Was This Great Woman
There is a Mystery
About the Moonshiner Who Weighed 560 Ponds
SHE COULD NOT BE
ARRESTED BECAUSE OF HER SIZE
Mahala Mullins, the noted moonshiner of Hancock County, Tennessee and a
leader of the mysterious tribe of Melungeons which have been a puzzle
to ethnological students for years, is no more. The great woman -
physically great because her weight was over 500 pounds - died under
circumstances as mysterious as some of the incidences in her checkered
life. Her whole life was a melodrama, with a few elements of farce
comedy injected, and her end was tragic. Surrounded by her children,
she met death in agony in her mountain cabin; and there may be not a
few about Sneedville, the nearest considerable settlement to her home,
who assert that her death was not due to natural causes, but that she
was poisoned by rivals in the illegitimate business of making moonshine
whisky which she carried on.
Her life bagan in the cumberland Mountains, in Hancock county, and
ended there. But for her awful avoirdupois it would have probably ended
in jail. The number of times that Uncle Sam's revenue officers have
placed her under arrest have almost been legion. That she escaped the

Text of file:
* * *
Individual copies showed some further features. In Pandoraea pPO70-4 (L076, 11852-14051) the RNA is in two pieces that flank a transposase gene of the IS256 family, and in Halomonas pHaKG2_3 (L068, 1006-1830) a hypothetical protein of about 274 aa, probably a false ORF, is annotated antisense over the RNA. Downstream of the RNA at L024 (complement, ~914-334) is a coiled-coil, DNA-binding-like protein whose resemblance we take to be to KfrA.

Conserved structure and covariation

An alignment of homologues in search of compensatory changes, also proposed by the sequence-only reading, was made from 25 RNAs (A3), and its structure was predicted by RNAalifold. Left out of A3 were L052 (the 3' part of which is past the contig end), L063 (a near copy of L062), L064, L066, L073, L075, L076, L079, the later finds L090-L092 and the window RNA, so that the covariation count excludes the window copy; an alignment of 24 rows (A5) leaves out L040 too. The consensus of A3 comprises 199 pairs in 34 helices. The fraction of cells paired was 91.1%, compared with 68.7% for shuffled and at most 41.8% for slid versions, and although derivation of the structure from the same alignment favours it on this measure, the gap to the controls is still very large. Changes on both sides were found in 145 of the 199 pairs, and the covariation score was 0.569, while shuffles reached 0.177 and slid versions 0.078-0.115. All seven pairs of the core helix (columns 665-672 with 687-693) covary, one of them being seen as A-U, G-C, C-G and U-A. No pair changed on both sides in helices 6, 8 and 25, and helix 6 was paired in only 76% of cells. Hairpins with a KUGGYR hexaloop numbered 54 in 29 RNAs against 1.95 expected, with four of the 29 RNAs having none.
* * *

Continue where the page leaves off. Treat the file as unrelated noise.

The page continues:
jail was due simply to her size. Revenue officer after revenue officer
attempted by subterfuge to coax her down from the mountains without
avail. To arrest her in the woods where she lived, almost at the very
peak of Old Baldy Mountain, was easy enough, but to convey 560 pounds
of her struggling, resisting flesh down the mountain side into town was
The earliest known of Mahalia comes from Wal Stebbing, who conducted a
general store in Sneedville in 1840. He remembers distinctly how Bill
Mullins came into town, gloriously under the influence of
"mountain-dew" and confided to a few friends as they sat about the
whitewashed stove in Stebbing's store that he was about to get
married. He told them that the lucky woman was "old man Carley's girl."
The wedding was not a very formal one, and when Bill Mullins next came